You might be surprised how big of an impact your garage door can have on your energy bill. Whether it’s heat in the winter or air conditioning in the summer, heating and cooling usually make up the majority of your electricity use. If your garage is attached to the house, the type of door you have plays a big part of the heating efficiency of not only the garage but the entire home.
The good news is there are things you can do to seal up your garage. This includes sealing any windows and cracks, replacing worn out garage door bottom seals, and replacing windows with thicker glass.
If your door is worn, you might also consider installing an insulated garage door. This can do wonders for the efficiency of your garage and can have a big impact on your electric bill.
Install Better Weatherstripping
PVC weatherstripping tends to harden overtime. This leads to cracks that cause inefficiencies. You should replace your garage door bottom seal with flexible double‑lipped weatherstripping that’s higher quality.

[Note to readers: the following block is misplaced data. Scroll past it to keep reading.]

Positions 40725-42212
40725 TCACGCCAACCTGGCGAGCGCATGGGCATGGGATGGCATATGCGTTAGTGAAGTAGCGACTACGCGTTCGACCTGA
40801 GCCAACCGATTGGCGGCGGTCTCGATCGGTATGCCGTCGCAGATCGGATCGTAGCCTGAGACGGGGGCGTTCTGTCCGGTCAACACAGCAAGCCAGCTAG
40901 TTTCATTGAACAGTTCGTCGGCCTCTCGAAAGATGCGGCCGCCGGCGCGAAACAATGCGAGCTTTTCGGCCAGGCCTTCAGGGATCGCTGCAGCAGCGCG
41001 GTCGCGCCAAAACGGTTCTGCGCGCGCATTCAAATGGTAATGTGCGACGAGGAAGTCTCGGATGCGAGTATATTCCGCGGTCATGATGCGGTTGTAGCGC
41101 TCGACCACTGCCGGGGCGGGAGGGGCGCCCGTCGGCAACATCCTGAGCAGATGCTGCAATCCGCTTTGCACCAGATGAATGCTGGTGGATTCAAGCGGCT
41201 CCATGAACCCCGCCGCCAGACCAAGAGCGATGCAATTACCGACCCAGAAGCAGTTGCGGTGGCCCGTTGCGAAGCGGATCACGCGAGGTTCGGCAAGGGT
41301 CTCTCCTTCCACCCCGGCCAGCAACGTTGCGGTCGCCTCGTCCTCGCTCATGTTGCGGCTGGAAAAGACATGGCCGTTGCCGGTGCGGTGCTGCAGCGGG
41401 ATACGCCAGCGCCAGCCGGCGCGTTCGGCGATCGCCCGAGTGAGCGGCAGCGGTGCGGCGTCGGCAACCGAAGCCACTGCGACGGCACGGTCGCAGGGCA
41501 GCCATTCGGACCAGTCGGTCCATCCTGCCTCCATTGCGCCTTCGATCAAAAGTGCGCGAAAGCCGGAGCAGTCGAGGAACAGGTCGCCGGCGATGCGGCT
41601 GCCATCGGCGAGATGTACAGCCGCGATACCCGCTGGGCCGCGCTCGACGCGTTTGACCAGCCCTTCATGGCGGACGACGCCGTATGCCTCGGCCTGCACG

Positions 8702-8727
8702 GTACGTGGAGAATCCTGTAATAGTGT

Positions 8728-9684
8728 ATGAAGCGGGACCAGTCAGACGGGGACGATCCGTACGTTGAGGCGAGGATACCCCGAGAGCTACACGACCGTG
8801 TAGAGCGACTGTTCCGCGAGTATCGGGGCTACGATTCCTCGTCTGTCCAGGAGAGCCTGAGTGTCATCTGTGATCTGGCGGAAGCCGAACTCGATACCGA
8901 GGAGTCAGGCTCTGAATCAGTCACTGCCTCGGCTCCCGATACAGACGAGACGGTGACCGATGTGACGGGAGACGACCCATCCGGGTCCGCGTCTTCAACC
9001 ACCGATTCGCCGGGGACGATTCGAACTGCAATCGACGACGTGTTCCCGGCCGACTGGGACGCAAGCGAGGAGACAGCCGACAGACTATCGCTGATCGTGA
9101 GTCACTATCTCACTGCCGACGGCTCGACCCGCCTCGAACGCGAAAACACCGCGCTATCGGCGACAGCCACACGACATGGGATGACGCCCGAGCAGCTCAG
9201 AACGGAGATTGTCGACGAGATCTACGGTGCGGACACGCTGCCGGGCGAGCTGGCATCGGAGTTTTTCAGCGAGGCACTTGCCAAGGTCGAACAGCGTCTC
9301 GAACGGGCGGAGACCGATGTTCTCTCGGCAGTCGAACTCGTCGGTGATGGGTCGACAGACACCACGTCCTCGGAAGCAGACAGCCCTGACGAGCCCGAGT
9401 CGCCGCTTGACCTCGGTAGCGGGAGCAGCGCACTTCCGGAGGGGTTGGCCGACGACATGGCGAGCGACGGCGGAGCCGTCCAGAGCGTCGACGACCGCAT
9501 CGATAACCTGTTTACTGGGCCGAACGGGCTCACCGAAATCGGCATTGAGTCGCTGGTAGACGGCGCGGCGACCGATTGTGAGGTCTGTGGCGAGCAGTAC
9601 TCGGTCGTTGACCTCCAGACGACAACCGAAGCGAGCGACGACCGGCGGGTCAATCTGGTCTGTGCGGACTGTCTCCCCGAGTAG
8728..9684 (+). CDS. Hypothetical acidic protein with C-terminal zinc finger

The Benefits of Insulated Blocked Wooden Doors
If you choose to install a new insulated garage door, consider the benefits of section ended blocks. These are great at keeping the insulated material where it belongs, even as the door goes up and down thousands of times a year.
Many companies use steel ended blocks, which are not very efficient. Wooden end blocks don’t transfer heat as fast and are a much better insulation agent. Wood provides a much better thermal break.
How the joints are insulated has a big impact on the efficiency of your garage door. Rather than attaching sheets of steel to the insulation, you instead want a triple‑contact PVC weatherseal. This provides a thermal break that keeps the outer and inner metal from touching. There’s no thermal bridge, and therefore less energy loss.
The R-Value of your garage door measures its thermal efficiency, essentially the effectiveness of its insulation. For attached garages, you’ll want an R-Value of at least 12. For the best efficiency, you may want to go as high as 16. This will keep out the heat in the summer and the cold in the winter and has a bigger impact on your heating bill. It’s a better way to survive Roseville summers without skyrocketing your AC bill.